The Huawei P20 Pro’s 4,000mAh battery already got it a good 1.5-2 days of battery life in our testing, and we could see a similar battery solution paired with an even more efficient SoC carrying us through two days on a regular basis.

AI in the camera

With all that AI, you can shoot video more easily, make real-time adjustments to hue, saturation, and brightness; and keep your shot in focus.

The performance improvements are one thing, but it’s not all about the cores in the new Kirin 980. A key aspect of the new SoC is the inclusion of two NPUs to drive Huawei’s AI performance to even higher levels. The dual-NPU design goes even further than doubling performance, offering a 120 percent increase in image recognition over the Kirin 970. In a single minute, the Kirin 980 can recognize 4,500 images.

The high-performance image recognition can help Huawei’s cameras really shine. It enables more advanced autofocus, as the camera can understand what the subject is. If you want to take a picture of a moving person, the Kirin 980 can map out a skeleton and follow their movements. Huawei even has an AI-powered AI Image Stabilization to help novice filmmakers use their phone to take better handheld video than ever.

Connectivity is icing on the cake

With high-speed connectivity, high-performance internals, and cameras boasting even more advanced AI than the already class-leading P20 Pro, Huawei’s upcoming Kirin 980-powered phones are set to dazzle.

For an extra bit of sparkle, Huawei’s Kirin 980 SoC will have the first modem to support the high-speed LTE Cat.21, which offers peak download speeds of 1.4Gbps. And, when you’re not using an LTE connection, you can get extra fast Wi-Fi thanks to the Hi1103 Wi-Fi module, which Huawei boasts is the fastest Wi-Fi chipset, offering a maximum download speed of 1.7Gbps.

Roku Premiere Plus (2018) review: The best value in 4K HDR streaming, if your Wi-Fi is solid – CNET

If streaming devices are a commodity like rice or paper towels, Roku deserves a lot of the credit. (Or maybe that’s the blame, depending on your point of view.

If streaming devices are a commodity like rice or paper towels, Roku deserves a lot of the credit. (Or maybe that’s the blame, depending on your point of view.) The streaming specialist has been making the same basic boxes and sticks for the last five years, iterating and improving along the way and selling them at crazy-low prices. And the formula works.

Roku routinely tops CNET’s list of best media streamers, and its outsells giants like Amazon, Google and Apple year in and year out. Rokus are simple to use yet powerful enough to deliver snappy performance with the latest versions of Netflix, Amazon, Hulu and thousands of other apps.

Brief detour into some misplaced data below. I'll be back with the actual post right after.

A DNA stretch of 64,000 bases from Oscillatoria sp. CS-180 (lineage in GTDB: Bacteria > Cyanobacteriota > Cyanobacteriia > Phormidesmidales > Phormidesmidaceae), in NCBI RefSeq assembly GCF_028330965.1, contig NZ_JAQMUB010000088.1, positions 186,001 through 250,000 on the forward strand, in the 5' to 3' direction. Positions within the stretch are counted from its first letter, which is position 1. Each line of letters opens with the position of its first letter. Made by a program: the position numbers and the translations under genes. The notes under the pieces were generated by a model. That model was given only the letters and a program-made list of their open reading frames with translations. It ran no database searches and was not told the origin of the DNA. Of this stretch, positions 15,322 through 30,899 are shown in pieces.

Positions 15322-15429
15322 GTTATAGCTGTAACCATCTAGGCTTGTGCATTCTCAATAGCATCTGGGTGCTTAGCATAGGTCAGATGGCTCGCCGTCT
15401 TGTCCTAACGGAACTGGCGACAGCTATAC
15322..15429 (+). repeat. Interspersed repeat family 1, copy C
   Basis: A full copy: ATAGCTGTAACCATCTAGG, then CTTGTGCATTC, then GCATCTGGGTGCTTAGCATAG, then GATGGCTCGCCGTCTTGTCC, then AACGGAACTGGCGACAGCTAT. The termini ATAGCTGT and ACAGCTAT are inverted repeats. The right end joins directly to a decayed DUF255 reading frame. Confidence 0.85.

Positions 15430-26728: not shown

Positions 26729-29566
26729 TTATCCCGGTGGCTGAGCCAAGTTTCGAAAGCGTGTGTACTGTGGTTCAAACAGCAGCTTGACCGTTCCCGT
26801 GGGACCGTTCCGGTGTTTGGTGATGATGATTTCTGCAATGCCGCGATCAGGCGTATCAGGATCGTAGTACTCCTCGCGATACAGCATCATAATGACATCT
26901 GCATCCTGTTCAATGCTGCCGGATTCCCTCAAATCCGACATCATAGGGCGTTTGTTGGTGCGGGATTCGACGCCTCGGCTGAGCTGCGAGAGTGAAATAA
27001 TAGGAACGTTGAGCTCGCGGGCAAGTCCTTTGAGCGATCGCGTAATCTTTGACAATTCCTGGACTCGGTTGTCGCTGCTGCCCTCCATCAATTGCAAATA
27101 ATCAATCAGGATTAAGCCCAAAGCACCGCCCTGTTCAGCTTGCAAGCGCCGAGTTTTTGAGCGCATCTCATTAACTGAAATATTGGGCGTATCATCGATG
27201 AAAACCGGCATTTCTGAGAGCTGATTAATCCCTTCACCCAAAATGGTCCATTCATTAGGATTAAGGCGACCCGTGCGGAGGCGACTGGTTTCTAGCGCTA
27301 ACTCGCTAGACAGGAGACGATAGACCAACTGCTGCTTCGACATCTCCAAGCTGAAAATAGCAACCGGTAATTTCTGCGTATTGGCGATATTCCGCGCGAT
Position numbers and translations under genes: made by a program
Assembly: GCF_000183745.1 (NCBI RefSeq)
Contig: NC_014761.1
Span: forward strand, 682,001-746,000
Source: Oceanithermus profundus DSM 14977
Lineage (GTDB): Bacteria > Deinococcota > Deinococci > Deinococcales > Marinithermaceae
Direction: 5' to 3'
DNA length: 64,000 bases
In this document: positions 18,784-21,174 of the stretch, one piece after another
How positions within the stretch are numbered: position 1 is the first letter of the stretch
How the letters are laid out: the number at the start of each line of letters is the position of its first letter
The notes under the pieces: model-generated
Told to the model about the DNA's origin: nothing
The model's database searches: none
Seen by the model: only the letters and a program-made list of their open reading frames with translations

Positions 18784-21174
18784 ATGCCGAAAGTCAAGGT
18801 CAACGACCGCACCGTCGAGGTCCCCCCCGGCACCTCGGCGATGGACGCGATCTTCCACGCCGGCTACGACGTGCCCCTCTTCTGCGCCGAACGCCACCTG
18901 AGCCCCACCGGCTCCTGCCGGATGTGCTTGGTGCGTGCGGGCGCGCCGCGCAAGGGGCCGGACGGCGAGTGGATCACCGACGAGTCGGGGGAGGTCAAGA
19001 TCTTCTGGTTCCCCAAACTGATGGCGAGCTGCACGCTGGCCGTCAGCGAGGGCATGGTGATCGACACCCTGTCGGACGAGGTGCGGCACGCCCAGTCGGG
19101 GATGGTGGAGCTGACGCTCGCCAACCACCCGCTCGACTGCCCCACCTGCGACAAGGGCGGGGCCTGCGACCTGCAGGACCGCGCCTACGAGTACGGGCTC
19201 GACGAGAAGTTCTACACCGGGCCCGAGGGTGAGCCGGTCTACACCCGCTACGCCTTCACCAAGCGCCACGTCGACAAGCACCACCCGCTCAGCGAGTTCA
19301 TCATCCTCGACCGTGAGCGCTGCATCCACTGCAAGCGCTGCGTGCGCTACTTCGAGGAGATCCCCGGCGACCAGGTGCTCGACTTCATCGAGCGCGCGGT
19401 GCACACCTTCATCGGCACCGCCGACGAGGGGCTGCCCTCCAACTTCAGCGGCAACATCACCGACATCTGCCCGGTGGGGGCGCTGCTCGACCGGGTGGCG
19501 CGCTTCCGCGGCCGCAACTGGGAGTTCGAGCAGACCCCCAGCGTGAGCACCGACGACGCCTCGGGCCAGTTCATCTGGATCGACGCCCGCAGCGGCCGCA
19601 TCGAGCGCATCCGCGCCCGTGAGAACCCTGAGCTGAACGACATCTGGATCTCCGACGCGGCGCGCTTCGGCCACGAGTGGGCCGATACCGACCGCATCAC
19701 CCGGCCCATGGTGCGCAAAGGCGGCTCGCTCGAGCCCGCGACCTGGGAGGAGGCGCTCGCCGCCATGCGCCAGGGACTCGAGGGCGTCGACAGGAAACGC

For 2018 Roku has two new streaming players — the $40 Roku Premiere and $50 Roku Premiere Plus reviewed here. They’re basically just as good as existing players, which Roku continues to sell, and they’re cheaper than ever for 4K streaming.


Roku Premiere Plus hits the 4K HDR streaming value sweet spot
44 Photos

The Premiere Plus is my favorite between the two, but my favorite Roku overall is still the Streaming Stick Plus from 2017. For an extra $10 over the Premiere Plus it gives you the potential for superior Wi-Fi reception: It can pull in 5Ghz Wi-Fi networks, which in many places perform better than standard 2.4 GHz ones (see below for details). The Stick Plus also has Wi-Fi 5 (aka 802.11ac), which offers the potential for faster speeds over the Premiere Plus, which maxes out at Wi-Fi 4 (802.11n). That said, Wi-Fi 4 is more than fast enough for 4K video in most cases.

Beyond Wi-Fi differences, the new Rokus are “more of the same,” but that’s not a bad thing, and Roku continues to add new features to all of its streamers. Coming soon is support for Google Assistant for example (you’ll need to add an Assistant-capable device to your network), which should help it even the voice control odds against its chief competitor, the $50 Alexa-powered Amazon Fire TV Stick 4K.

Two other caveats: The Roku Premiere Plus is available exclusively at Walmart, and only in the US.

Roku Premiere Plus vs. the rest

If you’re buying a streamer today your first task is to decide between one that does 4K HDR and one that doesn’t. If you have a 4K HDR TV and you don’t love its built-in Smart TV functions, you should definitely get a 4K HDR streamer.

Even if your current TV doesn’t do 4K, there’s a good argument for going with a budget 4K HDR device like the Premiere Plus anyway. The price difference between 4K and non-4K streamers is so small ($20 in Roku’s and Amazon’s cases) it might be worth paying in case you do get a 4K TV soon, and want to be ready without having to buy a new streamer then.

Here’s how the Premiere Plus stacks up against the other choices.

Vs. the $50 Amazon Fire TV Stick 4K: For the same price it has better voice support thanks to Alexa built into the remote, but Roku’s remote has voice search and play/pause commands too, and its forthcoming Google Assistant integration could even the playing field for far-field (hands-free) commands. If you have a Dolby Vision TV the Fire TV Stick 4K becomes more appealing, but Roku’s interface is more neutral: it doesn’t pummel you with Amazon’s own TV shows and movies. Look for my full review of the Fire TV Stick 4K once it becomes available.

Vs. the $40 Roku Premiere: For $10 less the Premiere drops the Plus’ voice remote with TV control, and its remote requires you to aim it at the device. Otherwise the two Roku streamers are identical. In my book that remote is worth the money, so I like the Plus better, but I can see super-budget buyers (or Harmony users) going with the basic Premiere.